I have constantly been writing about Wolf Hall for several weeks now — about all aspects of it that have fascinated me… And, I have kept one that TOPS it all for me until now…
That is the TIMELESSNESS of Wolf Hall.
Hilary Mantel’s writing and Peter Straughan’s wonderfully condensed script open a beautiful window to the intrigue and manipulation in the court of Henry VIII in the 16th century. Wolf Hall is such a dark, political animal that it is inevitable to chew on a little bit about its politics. Besides, both the book and the drama help us understand history through a contemporary perspective, and does it through its politics and in particular, through the contemporary conversations its characters have all the time. Continue reading “Wolf Hall is TIMELESS”
Vanity Fair has a series of videos and a special March issue about how the British actors have invaded — and maybe even conquered — Hollywood.
Well, Hollywood has always, and rightly so, admired and respected great British actors, say Jeremy Irons, Judi Dench, or Michael Kaine. But the on-going invasion is mostly done by a new generation of Brits who have now become “household names” in the US — some more than the others in my household 🙂 They sometimes fascinate us in British movies and TV shows, and sometimes play Americans in American movies and TV shows. And, thanks to their perfect American accents, some fans may actually find out much later that they are, in fact, British!
We earlier discussed here the authenticity of the costumes in Wolf Hall as well as how much the series costume designer Joanna Eatwell values Hans Holbein the Younger’s work in achieving this authenticity.
It turns out that Eatwell digged into the paintings of Holbein for research. From Lucy Worsley’s interview with Eatwell:
‘He’s a genius – all the information is in his paintings,’ she says.
‘He not only painted members of the court, he also painted merchants and even some of Henry’s courtiers and staff, so we have a complete cross-section which is incredibly important for a piece like this.’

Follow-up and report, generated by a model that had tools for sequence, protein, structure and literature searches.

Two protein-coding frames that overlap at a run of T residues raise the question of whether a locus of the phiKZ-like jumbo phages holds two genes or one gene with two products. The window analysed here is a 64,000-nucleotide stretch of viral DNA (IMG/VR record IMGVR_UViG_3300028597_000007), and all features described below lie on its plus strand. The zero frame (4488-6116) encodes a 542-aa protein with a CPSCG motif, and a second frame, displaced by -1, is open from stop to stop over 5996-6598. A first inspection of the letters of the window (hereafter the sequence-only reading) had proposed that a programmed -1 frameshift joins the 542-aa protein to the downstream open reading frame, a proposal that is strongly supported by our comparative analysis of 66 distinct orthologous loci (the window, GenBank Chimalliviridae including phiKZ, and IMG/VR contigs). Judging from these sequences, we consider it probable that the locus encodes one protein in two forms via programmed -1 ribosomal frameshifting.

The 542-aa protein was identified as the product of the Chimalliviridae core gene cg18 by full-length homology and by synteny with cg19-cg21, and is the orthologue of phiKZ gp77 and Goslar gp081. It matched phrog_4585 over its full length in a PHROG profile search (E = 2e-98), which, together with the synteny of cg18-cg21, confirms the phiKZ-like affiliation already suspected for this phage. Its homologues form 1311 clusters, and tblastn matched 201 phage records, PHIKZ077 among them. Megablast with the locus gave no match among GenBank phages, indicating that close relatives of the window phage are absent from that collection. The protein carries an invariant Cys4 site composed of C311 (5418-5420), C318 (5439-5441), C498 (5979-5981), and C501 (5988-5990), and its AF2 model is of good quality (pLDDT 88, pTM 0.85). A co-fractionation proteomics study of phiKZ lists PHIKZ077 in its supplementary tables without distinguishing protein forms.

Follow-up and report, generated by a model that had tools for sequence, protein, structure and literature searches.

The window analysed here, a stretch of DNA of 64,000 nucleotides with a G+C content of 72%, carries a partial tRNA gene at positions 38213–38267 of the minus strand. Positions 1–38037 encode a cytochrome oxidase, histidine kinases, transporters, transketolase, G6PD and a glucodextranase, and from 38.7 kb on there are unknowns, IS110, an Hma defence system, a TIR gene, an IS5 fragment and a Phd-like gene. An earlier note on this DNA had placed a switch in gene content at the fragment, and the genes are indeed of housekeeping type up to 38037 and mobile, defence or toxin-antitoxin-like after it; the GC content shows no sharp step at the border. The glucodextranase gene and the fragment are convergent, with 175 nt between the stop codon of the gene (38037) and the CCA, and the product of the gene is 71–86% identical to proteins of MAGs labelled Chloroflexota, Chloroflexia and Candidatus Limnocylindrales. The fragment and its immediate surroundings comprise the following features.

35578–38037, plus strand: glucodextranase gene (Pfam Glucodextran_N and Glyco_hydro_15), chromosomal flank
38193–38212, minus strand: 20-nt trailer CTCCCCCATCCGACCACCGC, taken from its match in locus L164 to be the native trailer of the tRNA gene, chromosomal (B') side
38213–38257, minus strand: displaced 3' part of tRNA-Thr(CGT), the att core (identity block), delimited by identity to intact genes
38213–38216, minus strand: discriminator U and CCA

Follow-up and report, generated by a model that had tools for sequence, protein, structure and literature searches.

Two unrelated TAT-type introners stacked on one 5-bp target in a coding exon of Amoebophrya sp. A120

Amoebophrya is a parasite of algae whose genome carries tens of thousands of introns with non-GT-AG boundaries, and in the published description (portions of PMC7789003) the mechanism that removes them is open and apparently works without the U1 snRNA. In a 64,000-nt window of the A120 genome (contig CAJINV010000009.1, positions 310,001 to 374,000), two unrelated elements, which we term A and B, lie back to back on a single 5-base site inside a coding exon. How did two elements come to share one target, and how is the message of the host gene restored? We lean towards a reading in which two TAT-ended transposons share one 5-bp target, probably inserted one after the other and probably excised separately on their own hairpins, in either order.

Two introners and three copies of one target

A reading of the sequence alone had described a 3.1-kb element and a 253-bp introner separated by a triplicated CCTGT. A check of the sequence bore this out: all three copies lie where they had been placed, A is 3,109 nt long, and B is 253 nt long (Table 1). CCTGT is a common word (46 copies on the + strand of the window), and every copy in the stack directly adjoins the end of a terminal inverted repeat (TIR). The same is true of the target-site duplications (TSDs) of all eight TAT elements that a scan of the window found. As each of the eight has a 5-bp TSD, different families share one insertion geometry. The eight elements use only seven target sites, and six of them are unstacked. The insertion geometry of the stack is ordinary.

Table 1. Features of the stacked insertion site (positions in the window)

Eatwell argues, in an audio interview with the BBC Academy, Holbein is a “master in his craft” and his paintings are realistic but also propaganda. The paintings make a statement about the person in the painting — she calls it the “photoshop” of the times.
Wolf Hall is getting darker by the minute in its penultimate episode. Henry is moody. He is capricious. He is obnoxious. He is EXPLOSIVE… And, then he turns into a little boy trying to make amends to his best friend. Damian Lewis owned Wolf Hall tonight, and gave some acting feast for us! The Independent, in its review of the episode, says “Damian Lewis is so good as the capricious king that you want to slap him.” I don’t want to make a case for Henry but I admit he has his reasons — it is all about his obsession with a male heir. And, add to this, his being very aware of his own mortality, and Henry makes a decision to move on… well, to the next wife.
Damian Lewis is making a wonderful comeback to stage in the West End revival of David Mamet’s American Buffalo this spring. He is headlining the play as Walter Cole “Teach” along with the great John Goodman as Don Dubrow, and Tom Sturridge as Bobby. Daniel Evans, whom Damian Lewis trained together with at Guildhall School of Music and Drama is directing the play.
Damian tells Guardian about how the stars aligned for American Buffalo: “I’ve tried about three or four times in the last couple of years and things have fallen apart. With theatre, you have to plan almost a year in advance. But we got lucky – a theatre was available.”